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Old 04-13-2006, 06:54 AM   #1
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had a major crisis, working on high nitrite level now

To make a long story as short as possible......
Thanks to everyone here I got my 150gal. cycled and runing great. Well this tank was used, and free. 2 weeks ago a seam split on the bottom and I was dealing with a mojor leak.
I drained the tank, threw all the fish in buckets, and checked my options. Everywhere I called said repairing the tank will take a week or 2 and they don't reccomend it. Well I could not afford a new tank that size. I went and got the largest tank I could find which was a 50gal.
So I set up the new tank, got some filter floss from one of the tanks at the LFS and added my fish. First week was ok ammonia stayed in a tolerable range. This week I have been doing 50% water changes every day because the nitrites are hitting between 2-5ppm every 24hrs.
The tank consists of 4 gouramis(3 inch), 5 clown loaches(2 inch), and a sail fin pleco(5 inch). I've been using prime with the water changes, and I'm not over feeding. The fish survived the buckets, and they seem happy in this tank.
How long do you think this nitrite spike will last? I'm fine with doing the 50% daily water changes, I just want an idea of when the level should finally drop.

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Old 04-13-2006, 08:13 AM   #2
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What happened to the filter from the 150? If that tank was cycled, you should have been able to use the 150's filter on the 50 gal tank. Or at least the biomedia from the established filter could have been put in any new filter you bought for the 50 gal tank.

But since you got some filter floss from your LFS, I am going to assume that the established filter and its colonized biomedia were a total loss. Bummer. The ammoia phase would probably last about 2 weeks, and the nitrite phase about the same. So I think you need to plan on large water changes for the next two weeks. Nitrobacter can be even slower growing than Nitrosomonas, so it could even take a little longer. Hopefully not though. You need to seed a tank or filter with huge amounts of colonized biomedia to prevent a new cycle completely,or to shorten the cycle down to just a few days. You could always try BioSpira.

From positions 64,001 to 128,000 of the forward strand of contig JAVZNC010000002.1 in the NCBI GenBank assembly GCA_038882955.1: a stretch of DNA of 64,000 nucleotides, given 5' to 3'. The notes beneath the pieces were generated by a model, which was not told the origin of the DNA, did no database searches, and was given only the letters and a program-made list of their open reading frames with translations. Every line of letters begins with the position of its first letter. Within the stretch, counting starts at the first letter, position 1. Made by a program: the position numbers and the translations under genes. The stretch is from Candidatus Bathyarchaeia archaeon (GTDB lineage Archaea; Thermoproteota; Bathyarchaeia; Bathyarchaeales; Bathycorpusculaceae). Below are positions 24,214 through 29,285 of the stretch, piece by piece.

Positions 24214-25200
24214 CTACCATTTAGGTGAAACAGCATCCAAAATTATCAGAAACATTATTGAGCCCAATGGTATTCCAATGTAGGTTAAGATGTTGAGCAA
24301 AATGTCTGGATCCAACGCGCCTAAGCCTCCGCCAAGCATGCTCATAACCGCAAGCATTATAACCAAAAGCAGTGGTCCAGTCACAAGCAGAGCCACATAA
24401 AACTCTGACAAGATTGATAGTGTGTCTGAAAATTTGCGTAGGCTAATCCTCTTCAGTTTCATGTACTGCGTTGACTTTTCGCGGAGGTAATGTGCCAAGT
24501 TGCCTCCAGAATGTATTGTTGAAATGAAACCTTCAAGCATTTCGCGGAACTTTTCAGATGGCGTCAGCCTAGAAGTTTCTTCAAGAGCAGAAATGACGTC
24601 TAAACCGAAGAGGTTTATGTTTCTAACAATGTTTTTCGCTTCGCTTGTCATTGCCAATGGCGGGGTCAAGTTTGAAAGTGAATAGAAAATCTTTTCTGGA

So sorry to hear about the loss of the tank and filter. Every aquarists nightmare, to be sure. Glad you got to save your livestock.

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Old 04-13-2006, 10:13 AM   #3
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usually the nitrite spike phase is longer than ammonia. So I'd agree, 2 weeks, maybe 3, before the nitrites take a nose dive and nitrates show up.

fishy cycling just ain't much fun on a large tank. doable, but I only recommend it on tanks under 30 gallons, and for experienced fish keepers who are comfortable and diligent about the daily 50-70% water changes needed pretty much the entire cycling period.
Former advisor and planted tank geek...life's moved on though.
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Old 04-13-2006, 06:11 PM   #4
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The old filter system was a custom system built into the tank, during the panic, I forgot about the old media and it dried out. I bought the emperor 400 with the dual bio wheel setup for this new tank.
The ammonia spike occoured within the first week. Right now at the end of week 2 the ammona is zero, and the nitrites rise to about 2ppm every 24hrs. Hopefully 1 more week and all will be well.
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